World Suicide Prevention Day 2023
World Suicide Prevention Day 2023: A Call to Reach Out and Save Lives
by Sophia Stimpson
September 10th marks World Suicide Prevention Day, a day when we come together as a global community to raise awareness and provide support to those who may be struggling with their mental health. Today, I share my personal experience of losing my cousin, Krystian Sambucci, to suicide at the age of 26. His tragic decision continues to reverberate within our family, serving as a reminder of the importance of reaching out, seeking help, and letting others know that it's okay not to be okay.
Krystian was more than just a cousin to me; he was a father, a son, a grandson, a brother, and a nephew. He possessed a warmth and kindness that always managed to brighten up a room. Yet, behind that smile, lay a darkness that none of us truly understood. Despite his loved ones' unwavering support, Krystian couldn't find solace in the midst of his deep pain, leading him to make the devastating decision to end his own life.
Losing Krystian to suicide has left an indelible mark on our family. The void he left behind is palpable, and the what-ifs plague our thoughts. We cannot help but wonder if there was something more we could have done or if we missed any warning signs. The truth is, sometimes the struggle is hidden so well that loved ones are left completely unaware until it's too late. This heartbreaking truth reminds us of the importance of proactive care, understanding, and reaching out.
As I reflect on Krystian's death, I implore everyone to break the silence surrounding mental health. It is vital that we create an open and accepting environment where people feel comfortable reaching out. In our fast-paced world, it's easy to overlook signs of distress or assume someone else will take care of it. But let us not be passive in the face of this growing crisis. Let us be proactive in offering kindness, compassion, and support to those who might be struggling.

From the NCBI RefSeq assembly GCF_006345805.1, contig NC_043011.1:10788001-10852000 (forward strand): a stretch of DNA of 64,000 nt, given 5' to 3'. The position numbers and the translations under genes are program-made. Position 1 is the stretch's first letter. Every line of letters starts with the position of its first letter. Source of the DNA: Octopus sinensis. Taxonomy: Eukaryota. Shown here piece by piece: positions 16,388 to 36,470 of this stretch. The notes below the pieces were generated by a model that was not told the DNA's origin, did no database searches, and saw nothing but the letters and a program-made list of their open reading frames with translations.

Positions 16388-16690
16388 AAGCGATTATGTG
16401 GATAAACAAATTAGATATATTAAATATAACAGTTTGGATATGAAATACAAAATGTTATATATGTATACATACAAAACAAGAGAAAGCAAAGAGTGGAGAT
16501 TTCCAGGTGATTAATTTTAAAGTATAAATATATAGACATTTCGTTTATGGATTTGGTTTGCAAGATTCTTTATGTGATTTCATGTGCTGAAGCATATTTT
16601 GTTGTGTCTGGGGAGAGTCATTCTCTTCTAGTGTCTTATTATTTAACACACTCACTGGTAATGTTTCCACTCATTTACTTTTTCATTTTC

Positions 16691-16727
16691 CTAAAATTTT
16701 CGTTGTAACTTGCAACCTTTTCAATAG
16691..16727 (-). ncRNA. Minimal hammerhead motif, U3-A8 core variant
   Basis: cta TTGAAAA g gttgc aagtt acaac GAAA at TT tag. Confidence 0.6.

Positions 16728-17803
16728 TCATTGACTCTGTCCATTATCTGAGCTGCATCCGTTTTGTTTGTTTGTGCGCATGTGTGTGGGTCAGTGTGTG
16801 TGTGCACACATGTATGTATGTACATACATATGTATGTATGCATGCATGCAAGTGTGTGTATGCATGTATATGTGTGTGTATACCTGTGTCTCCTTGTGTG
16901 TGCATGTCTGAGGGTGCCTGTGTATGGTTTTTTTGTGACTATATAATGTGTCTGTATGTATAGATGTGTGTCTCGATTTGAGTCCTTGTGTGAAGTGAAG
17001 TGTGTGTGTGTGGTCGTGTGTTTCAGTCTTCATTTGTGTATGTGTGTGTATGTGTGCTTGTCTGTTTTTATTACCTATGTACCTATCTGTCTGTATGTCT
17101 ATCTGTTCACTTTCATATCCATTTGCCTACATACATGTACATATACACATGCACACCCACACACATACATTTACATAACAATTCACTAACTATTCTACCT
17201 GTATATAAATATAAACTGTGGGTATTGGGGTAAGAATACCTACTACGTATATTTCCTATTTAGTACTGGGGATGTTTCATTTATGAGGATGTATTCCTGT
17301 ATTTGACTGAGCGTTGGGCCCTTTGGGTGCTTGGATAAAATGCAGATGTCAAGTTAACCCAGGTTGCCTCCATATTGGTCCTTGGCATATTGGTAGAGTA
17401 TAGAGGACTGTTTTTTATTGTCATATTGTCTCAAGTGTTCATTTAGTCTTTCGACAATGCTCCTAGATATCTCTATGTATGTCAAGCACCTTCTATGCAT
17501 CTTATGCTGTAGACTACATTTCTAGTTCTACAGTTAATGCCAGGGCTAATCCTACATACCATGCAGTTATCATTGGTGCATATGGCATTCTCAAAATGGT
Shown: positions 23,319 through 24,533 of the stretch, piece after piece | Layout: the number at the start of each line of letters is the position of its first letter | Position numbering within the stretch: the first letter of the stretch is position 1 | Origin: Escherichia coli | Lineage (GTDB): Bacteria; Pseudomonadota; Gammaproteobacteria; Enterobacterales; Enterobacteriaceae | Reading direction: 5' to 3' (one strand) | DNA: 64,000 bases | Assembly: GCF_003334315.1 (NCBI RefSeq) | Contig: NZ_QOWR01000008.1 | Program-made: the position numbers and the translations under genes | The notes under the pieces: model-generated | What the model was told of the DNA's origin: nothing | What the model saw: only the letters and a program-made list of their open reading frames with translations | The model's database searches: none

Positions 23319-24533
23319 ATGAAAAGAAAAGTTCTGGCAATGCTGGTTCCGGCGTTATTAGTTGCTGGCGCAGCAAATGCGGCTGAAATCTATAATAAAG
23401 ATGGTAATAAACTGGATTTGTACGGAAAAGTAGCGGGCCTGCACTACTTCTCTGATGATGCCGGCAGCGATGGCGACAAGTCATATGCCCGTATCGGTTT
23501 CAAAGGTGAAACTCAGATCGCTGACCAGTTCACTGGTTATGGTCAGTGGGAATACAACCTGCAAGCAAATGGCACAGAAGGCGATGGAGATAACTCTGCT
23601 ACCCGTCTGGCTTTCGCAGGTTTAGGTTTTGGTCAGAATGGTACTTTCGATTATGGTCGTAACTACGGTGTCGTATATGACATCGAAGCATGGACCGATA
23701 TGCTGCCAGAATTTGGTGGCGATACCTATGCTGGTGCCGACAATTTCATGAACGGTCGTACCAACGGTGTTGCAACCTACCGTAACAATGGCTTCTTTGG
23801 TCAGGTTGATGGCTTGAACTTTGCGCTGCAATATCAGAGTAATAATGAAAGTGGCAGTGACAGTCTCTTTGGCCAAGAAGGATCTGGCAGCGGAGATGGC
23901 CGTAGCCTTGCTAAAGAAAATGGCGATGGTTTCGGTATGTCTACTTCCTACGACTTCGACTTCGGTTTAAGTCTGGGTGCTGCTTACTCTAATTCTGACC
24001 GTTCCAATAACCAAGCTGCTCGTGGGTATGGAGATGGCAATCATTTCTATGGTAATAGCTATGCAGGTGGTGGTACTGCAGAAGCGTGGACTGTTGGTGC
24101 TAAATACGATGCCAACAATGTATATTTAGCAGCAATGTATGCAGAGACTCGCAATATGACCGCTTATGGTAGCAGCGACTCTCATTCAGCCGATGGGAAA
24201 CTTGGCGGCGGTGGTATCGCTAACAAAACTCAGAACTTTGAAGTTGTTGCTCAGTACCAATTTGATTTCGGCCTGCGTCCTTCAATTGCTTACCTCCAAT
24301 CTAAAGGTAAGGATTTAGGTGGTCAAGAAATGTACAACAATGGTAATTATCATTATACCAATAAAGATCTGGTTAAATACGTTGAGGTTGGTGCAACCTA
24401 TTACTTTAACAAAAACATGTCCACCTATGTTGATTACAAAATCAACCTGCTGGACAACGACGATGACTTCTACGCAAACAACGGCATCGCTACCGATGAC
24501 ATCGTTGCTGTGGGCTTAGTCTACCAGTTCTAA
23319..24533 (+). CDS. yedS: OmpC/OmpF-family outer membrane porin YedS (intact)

Being there for someone in need can be a powerful intervention. Sometimes, a simple conversation can make all the difference. Encourage your friends, colleagues, and family members to share their burdens, offering them a safe space to express their emotions. Be present, listen without judgment, and validate their feelings. Remind them that they are not alone, and that help is available.
When it comes to seeking professional help, resources like Samaritans, Mind, a General Practitioner, or the NHS 111 service can be invaluable. It is crucial to let people in crisis know that reaching out for support is a sign of strength, not weakness. Mental health professionals are trained to provide guidance, offering strategies for coping and helping individuals navigate their way toward healing.
On this World Suicide Prevention Day, let us come together to break the stigma surrounding mental health by openly discussing our struggles, fears, and vulnerabilities. By doing so, we create an environment where reaching out feels less intimidating and more natural. Remember, it's okay not to be okay. Asking for help is not a sign of weakness, but a sign of courage and resilience.
Losing my cousin Krystian to suicide has forever changed my perspective on mental health. The pain of his absence is immeasurable, but I hope that by sharing our story, it will encourage others to reach out, provide support, and prioritize their own mental well-being. Let us work tirelessly to foster a culture of empathy, understanding, and proactive care. Together, we can make a difference and save lives.